I am always fascinated by other cultures and how they think and work - and how they interpret our own confusing culture, as well. Rarely are we able to see both sides of that view, but How to Be an American Housewife by Margaret Dilloway allows us to see Shoko's point of view from the time she was a young girl in Japan defying - carefully - her parents all the way through her old age where she longs to go to Japan for the first time since she married her Navy serviceman husband shortly after World War 2.
I am fascinated by the varying views Japanese had of the Americans after the war, from those like Shoko and her father who were ready to move forward with the new reality to her brother Taro who hates all Americans and will never give up. There is also great perspective on Japanese culture from the Eta, or untouchable, caste to working in a large hotel catering to Americans.
Shoko hasn't always had control over her life, and she certainly doesn't over her failing health, but she is a realist and finds the best way for her to move forward. That doesn't mean she doesn't fight for what she believes in, as shown when she refuses to let an American serviceman make her his mistress when she first moves on her own. She has her morals and standards, many of which caused her regret the outcomes as in her relationship with her children, though who among us get that one right?
The scariest thing to me is the excerpts from "How to Be an American Housewife" - a guidebook with advice on how to become an indispensable wife in America, as well as sharing how to deal with some of the culture shock. The advice shared there was often wrong-headed in my view, although fortunately Shoko seemed to recognize that, as well. I know that much of what the book preached was required by many of the men who married Japanese women, if they even brought them back from Japan. The treatment by many of the Americans was deplorable, but there are still those who triumphed over it and found ways to be happy.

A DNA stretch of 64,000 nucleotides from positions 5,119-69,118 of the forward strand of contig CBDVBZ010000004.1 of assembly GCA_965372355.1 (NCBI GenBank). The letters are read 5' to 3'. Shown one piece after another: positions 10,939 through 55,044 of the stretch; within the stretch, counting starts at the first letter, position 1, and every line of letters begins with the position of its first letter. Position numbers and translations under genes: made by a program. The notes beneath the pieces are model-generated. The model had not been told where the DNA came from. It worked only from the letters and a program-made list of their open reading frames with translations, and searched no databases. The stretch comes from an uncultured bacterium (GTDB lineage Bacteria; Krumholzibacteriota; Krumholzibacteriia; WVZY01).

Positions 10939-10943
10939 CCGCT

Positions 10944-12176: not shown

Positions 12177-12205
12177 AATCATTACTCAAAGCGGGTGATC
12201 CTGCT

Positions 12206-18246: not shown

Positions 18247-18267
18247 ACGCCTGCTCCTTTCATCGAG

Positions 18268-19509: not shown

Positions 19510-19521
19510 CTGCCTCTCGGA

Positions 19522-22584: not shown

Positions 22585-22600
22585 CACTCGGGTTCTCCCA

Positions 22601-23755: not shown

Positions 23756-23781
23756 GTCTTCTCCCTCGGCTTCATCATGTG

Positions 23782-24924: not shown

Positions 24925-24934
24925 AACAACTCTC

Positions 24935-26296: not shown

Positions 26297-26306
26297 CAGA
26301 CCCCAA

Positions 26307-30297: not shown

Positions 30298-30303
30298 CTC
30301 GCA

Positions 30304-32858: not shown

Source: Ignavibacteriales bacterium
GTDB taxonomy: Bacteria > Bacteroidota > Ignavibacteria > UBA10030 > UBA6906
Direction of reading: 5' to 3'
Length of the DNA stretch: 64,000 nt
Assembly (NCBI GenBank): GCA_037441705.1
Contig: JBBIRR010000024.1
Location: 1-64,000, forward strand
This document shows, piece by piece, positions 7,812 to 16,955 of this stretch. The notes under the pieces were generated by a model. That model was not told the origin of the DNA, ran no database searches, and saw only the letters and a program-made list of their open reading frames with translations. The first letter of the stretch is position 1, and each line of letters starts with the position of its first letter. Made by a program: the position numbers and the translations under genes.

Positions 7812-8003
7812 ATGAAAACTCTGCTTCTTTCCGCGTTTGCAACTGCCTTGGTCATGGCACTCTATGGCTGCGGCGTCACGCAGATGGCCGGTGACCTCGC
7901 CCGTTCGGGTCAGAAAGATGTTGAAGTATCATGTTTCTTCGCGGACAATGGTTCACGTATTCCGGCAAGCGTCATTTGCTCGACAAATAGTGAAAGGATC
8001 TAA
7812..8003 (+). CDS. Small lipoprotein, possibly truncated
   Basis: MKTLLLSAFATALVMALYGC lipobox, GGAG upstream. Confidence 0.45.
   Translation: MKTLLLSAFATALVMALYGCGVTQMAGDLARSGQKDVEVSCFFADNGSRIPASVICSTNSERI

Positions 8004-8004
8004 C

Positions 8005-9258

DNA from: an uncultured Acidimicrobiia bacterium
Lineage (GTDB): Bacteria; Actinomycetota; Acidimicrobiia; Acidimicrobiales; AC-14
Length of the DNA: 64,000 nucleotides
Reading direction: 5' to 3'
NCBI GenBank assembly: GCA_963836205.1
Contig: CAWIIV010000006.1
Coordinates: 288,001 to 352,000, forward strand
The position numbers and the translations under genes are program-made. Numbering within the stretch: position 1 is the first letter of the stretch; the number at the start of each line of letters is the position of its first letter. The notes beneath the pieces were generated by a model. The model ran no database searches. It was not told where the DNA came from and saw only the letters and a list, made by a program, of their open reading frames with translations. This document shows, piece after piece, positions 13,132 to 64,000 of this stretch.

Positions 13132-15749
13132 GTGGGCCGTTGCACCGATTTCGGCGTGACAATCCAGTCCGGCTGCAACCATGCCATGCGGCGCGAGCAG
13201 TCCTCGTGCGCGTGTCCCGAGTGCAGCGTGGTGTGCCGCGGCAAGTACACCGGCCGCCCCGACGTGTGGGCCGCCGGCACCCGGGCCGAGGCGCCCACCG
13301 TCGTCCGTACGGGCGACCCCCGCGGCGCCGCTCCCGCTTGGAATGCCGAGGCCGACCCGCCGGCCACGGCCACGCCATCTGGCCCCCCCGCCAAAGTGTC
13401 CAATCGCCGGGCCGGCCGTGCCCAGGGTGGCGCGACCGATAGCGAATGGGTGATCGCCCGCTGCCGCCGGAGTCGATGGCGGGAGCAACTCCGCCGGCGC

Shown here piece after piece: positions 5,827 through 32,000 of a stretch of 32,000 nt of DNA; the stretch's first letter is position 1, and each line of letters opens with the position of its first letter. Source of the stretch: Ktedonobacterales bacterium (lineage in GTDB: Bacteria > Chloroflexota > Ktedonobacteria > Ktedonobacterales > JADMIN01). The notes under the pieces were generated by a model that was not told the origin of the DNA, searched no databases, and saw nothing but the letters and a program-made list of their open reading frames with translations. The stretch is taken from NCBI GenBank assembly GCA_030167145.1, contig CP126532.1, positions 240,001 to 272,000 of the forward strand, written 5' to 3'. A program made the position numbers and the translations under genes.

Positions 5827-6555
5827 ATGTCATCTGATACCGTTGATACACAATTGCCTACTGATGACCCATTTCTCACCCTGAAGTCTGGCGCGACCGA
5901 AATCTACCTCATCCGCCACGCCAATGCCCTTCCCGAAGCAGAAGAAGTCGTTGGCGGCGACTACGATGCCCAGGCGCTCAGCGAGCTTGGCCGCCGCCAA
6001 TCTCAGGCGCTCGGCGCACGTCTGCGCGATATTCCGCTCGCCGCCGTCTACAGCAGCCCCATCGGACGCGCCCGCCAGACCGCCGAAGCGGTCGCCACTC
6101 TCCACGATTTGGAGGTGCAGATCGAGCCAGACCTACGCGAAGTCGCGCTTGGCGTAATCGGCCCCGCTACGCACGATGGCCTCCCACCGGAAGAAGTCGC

From a rebellious daughter to a grandmother wishing she had raised her children differently, Shoko is an intriguing figure who draws us into her life as she muses over where she's been while dealing with her current situation. How would you have handled being married to someone from a foreign culture then being transplanted with no support?
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In the interest of full disclosure, I received a copy of "How to Be an American Housewife" for review purposes. I am also compensated as part of this campaign, but as always, all opinions expressed are my own - just check out some of my not so positive book reviews for proof of that!